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Touch Visualizations

When users touch the screen on an interactive surface device, the Microsoft Surface software displays generalized visual feedback called touch visualizations.

In the following illustration, the system displays a glow under three touches (labeled 1) and provides a tether (labeled 2) between a touch and an item on the screen. When a touch is first made, an expanding ring appears around the touch that fades after a second. In the following illustration, the Input Simulator tool has been used to simulate a finger (outlined in orange) and a blob (outlined in green).

Default touch visualizations

Example touch visualizations

Touch visualizations are intended to improve user interactions with Surface in three ways:

  • Reduce ambiguity

    When a user touches the interactive surface device, the Surface software should clearly indicate to the user that the software receives the touch. Otherwise, the user might think that the system is broken or that the user is trying to interact with it incorrectly. Touch visualizations display visual feedback to users to indicate that the system captured the touch and that the device made for Surface is using the touch or group of touches.

    For example, if a user attempts to drag an object beyond a certain location, the Surface software displays visualizations that are designed to inform the user that the system is aware that the user is trying to do something, instead of simply ignoring further attempts to move the object in that direction.

  • Clarify hit-testing

    Hit-testing on Surface controls uses a single point. A user might touch a control but not touch the hit-testing point. To help the user understand this situation, the Surface software displays different visuals for captured and uncaptured touches. In both situations, when the user lifts a finger, the touch visualization shrinks to show the point that is used for hit-testing.

  • Visualize touch captures

    Some controls can capture a touch that then slides outside the control's bounds. If a user later tries to use such a control with another touch, the control will not work. Touch visualizations provide a visual indication that the control still has the original touch.

    For example, suppose that a user places an object (such as a pen, cell phone, or book) on a button and then pushes the object aside. If the button captured a touch, that button could not be pressed, because all touches must be released before a button is considered pressed. In this situation, touch visualizations provide visual clues that the button is still associated with the accidental touch. The following image shows two touches being captured by a button.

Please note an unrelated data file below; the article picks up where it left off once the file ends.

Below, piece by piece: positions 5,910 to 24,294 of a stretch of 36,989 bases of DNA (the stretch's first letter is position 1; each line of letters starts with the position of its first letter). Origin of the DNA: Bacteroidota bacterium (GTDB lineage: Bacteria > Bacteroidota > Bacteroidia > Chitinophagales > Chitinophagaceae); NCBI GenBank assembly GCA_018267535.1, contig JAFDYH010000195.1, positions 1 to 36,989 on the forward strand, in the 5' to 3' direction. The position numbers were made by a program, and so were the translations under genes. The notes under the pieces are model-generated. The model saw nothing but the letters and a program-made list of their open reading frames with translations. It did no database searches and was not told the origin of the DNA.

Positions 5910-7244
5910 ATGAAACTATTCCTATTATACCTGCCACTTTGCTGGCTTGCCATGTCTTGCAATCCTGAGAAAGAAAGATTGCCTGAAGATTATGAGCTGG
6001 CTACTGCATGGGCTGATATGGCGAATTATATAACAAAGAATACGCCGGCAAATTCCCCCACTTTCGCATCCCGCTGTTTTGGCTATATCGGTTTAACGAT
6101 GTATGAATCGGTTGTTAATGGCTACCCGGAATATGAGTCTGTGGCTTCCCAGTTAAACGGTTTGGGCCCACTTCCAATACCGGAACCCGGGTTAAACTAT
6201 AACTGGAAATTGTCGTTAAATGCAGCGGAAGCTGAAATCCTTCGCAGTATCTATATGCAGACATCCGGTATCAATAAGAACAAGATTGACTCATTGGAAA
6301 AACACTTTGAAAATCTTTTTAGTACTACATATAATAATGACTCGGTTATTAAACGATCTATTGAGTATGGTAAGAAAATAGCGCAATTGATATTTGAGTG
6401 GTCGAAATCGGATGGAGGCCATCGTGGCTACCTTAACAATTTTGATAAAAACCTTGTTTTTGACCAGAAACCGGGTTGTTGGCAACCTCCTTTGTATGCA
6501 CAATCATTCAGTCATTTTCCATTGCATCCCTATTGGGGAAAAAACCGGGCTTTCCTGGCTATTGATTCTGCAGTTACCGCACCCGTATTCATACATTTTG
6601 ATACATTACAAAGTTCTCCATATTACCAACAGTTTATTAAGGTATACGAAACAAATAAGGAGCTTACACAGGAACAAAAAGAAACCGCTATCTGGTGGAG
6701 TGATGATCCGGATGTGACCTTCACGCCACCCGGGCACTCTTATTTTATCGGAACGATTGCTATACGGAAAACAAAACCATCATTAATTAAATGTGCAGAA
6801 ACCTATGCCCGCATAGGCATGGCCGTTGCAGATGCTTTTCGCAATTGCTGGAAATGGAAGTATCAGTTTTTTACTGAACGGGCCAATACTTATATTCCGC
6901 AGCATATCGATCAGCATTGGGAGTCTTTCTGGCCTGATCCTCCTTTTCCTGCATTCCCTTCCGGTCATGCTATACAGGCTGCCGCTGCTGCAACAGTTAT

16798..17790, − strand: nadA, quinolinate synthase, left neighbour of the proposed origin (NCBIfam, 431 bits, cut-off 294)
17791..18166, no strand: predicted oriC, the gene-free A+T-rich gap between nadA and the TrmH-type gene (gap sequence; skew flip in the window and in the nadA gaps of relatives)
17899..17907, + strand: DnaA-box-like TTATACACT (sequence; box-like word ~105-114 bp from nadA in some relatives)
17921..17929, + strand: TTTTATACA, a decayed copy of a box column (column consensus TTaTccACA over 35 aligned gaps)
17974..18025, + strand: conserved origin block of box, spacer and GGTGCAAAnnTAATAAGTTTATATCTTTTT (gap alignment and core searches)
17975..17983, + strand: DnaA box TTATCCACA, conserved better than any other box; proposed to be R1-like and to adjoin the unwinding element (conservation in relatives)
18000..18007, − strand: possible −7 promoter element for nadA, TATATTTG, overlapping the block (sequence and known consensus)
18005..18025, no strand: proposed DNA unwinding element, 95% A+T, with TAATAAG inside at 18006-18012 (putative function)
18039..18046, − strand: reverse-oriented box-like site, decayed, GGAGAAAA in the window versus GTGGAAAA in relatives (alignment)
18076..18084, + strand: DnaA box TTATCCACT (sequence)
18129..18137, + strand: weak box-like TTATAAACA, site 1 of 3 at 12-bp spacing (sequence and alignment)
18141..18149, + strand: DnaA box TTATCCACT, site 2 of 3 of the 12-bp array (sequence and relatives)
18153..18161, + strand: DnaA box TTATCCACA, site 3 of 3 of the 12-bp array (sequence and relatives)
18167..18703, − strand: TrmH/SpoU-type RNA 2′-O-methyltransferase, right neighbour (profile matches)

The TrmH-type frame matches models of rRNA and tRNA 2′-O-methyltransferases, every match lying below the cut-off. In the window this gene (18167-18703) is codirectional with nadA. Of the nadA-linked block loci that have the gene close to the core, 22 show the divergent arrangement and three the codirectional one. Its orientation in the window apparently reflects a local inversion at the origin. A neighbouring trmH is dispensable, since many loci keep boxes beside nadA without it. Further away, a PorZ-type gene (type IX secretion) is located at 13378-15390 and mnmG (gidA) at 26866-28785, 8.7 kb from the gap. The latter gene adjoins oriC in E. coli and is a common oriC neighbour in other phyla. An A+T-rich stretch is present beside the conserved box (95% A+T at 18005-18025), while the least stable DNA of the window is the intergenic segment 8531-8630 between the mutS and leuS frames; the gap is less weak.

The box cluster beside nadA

Contact visualizations - Button example

Touch visualizations on a button

Implementing Touch Visualizations

Certain Surface controls include touch visualizations automatically. For example, the SurfaceButton control uses touch visualizations to show that a touch on the button continues to be associated with the button until it is removed from the device made for Surface.

For many applications, the built-in touch visualizations provide excellent usability and offer consistency in the look-and-feel with other Surface applications.

Only place a TouchVisualizer control at the root of a full-screen window. This location is the default in the SurfaceWindow template. If your application applies a TouchVisualizer control to an item that is smaller than the full screen, the visualizations inside are scaled down to match, frequently making them too small for users to see.

If you want to change or disable touch visualizations, the Surface SDK includes several ways to modify touch visualizations:

  • Modify the colors that touch visualizations uses. For more information, see Touch Visualization Colors.

  • Change the adapter that a control uses. Changing the adapter can change the anchor point that is used for the tethers or change whether visualizations are shown in certain situations. For more information, see Touch Visualization Adapters.

  • Disable touch visualizations on one or more controls in an application. For more information, see Disabling Touch Visualizations for Surface Applications.

    Make sure that any control on which you disable touch visualizations still provides clear visual feedback to users.

You can also disable touch visualizations for certain applications on individual devices made for Surface. For more information, see Disabling Touch Visualizations for Surface Applications.

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